Yes, was thinking more of those late to the party or retirees counting on the ridiculously strong performance (the biggest part of it unsustainable multiple expansion) of the past few years to continue. It's painful even for long-term holders. High-quality large caps not at outrageous multiples should be OK and beat the S&P 500 long-term, but definitely not getting 20%+ annual returns going forward from these elevated levels.

    A lot of the hot growthy small-caps are dicey. TRGP dropping 1/4 of its value in a few days illustrates the risks.
    Oct 14, 2014. 02:12 AM | 1 Like Like |Link to Comment
  • Look At The MLP GP Companies For An Alternate Path To High Total Returns [View article]
    ETE, SXL, etc. Even my faves EPD and MMP to a slightly lesser extent. Interestingly, KMI is holding up well on a relative basis because it never got bid up to very high multiples.

    As someone who sold all his MLPs a few months ago (time-stamped, check my comments) and locked in mid-teens returns for the year while sitting in 100% cash since then, I feel sorry for all of you. Valuation always matters in the end.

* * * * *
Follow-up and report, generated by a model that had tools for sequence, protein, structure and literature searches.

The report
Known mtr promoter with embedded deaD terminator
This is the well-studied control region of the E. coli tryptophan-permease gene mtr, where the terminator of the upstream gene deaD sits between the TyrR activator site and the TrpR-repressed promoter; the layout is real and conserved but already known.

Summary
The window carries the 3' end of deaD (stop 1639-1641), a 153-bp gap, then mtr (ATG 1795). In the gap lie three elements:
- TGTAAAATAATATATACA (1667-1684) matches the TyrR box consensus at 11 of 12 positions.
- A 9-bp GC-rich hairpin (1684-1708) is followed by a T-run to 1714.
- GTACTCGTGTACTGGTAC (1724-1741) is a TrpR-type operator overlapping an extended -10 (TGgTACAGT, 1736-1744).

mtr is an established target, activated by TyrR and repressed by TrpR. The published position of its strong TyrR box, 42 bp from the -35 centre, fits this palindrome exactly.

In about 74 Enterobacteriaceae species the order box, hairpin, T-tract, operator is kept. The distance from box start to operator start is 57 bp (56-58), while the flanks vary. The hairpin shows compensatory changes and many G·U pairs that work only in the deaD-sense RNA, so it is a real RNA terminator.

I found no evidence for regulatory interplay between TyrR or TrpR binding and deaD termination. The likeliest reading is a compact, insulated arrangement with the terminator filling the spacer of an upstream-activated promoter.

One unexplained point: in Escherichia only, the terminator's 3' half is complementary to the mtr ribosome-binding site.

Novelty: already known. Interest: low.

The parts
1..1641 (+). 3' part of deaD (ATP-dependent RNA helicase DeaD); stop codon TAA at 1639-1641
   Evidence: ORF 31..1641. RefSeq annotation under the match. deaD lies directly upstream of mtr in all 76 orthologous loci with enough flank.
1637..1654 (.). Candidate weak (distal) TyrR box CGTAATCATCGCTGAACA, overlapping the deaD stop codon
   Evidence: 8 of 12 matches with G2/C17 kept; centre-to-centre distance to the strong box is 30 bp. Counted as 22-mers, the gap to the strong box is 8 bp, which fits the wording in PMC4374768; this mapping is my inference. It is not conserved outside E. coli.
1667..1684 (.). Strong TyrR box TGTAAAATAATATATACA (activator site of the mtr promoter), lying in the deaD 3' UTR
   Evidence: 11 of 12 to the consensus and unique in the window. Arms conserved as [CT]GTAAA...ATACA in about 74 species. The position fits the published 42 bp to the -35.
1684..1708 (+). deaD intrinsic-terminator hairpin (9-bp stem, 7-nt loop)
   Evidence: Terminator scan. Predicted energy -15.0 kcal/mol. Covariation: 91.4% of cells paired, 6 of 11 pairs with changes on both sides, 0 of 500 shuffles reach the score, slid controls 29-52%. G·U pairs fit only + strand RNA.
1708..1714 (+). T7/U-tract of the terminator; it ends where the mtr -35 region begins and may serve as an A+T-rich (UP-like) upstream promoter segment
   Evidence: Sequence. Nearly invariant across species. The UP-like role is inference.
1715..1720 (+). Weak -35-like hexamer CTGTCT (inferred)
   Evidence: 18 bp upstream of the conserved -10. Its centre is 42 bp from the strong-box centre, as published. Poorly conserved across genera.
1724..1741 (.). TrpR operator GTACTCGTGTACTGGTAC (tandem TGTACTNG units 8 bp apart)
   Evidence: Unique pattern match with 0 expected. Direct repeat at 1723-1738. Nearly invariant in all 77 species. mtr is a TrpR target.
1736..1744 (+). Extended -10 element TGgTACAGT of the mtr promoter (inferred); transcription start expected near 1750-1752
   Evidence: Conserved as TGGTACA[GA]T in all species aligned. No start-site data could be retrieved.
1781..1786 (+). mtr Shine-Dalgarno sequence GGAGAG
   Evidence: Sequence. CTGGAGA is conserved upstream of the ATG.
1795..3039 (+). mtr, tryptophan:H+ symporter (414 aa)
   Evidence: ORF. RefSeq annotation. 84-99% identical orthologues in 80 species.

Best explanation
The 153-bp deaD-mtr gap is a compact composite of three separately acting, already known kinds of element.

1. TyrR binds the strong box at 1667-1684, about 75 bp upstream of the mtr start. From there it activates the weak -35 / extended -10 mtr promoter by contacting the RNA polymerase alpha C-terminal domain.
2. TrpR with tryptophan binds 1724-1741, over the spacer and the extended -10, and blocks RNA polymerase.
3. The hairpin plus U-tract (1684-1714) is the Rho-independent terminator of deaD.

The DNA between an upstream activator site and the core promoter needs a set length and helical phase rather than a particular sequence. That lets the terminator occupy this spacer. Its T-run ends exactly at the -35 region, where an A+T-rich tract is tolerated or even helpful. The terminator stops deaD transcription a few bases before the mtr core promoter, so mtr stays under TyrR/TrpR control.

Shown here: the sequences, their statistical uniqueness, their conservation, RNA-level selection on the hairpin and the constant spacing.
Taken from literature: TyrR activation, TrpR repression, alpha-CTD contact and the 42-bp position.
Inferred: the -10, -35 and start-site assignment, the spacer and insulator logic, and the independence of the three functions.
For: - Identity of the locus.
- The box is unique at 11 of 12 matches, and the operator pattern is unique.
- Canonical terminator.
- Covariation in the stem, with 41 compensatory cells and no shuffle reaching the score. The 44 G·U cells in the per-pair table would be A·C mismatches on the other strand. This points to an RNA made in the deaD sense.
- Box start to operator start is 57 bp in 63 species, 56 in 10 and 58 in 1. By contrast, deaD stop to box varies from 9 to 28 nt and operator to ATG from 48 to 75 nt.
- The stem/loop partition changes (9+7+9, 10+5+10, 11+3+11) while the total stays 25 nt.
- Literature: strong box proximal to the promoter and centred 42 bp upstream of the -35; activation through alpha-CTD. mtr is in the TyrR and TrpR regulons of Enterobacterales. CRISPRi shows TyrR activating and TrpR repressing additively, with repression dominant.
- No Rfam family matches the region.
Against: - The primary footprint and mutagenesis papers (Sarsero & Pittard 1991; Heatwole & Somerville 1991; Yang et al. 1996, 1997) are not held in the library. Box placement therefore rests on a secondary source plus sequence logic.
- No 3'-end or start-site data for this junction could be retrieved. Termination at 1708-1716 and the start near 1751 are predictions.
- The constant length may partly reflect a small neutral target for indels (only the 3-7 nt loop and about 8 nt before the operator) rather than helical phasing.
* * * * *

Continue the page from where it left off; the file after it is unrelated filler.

Oct 13, 2014. 03:55 PM | 1 Like Like |Link to Comment
  • Look At The MLP GP Companies For An Alternate Path To High Total Returns [View article]
    The problem is that no one paid attention to valuations on the way up. As a result, high-fliers like TGRP, EQM, PAGP etc. were bid up to extremely high multiples. As a result, they are now tanking severely.
    Oct 13, 2014. 02:11 PM | 3 Likes Like |Link to Comment
  • Overvaluation Pervasive Among The Industrial Cyclicals - A Survey Of Timely Short-Sale Candidates [View article]
    I thought it might be worth checking in for a follow-up on how the industrial cyclicals are doing vs. the S&P 500 since the date of this article:

    S&P 500: +1.8%;

    CAT: -8.3%;
    CMI: -13.7%;
    NAV: -5.6%;
    AA: +11.9%;
    MTW: -31.9%;
    TEX: -31.2%;

    Five out of six, not bad (in fairness, I was too lazy to write about MTW and TEX though they were also part of my short position--a six-stock basket). Overall, a major alpha-generator, plus very profitable on an absolute basis (and likely to become far more profitable as the bear market continues). Alcoa showed some traction in their turnaround efforts recently hence the outperformance.

    In addition to the representative names mentioned, most other industrial cyclicals have also significantly underperformed since May (and are likely to continue to do so).
    Oct 10, 2014. 10:42 PM | Likes Like |Link to Comment
  • Why The Market Topped Out [View article]
    "I do not think we get a full-blown "bear" market, which consists of a 20% decline from highs on the major indexes."

    Any particular reasoning behind this?
    Oct 10, 2014. 09:52 PM | Likes Like |Link to Comment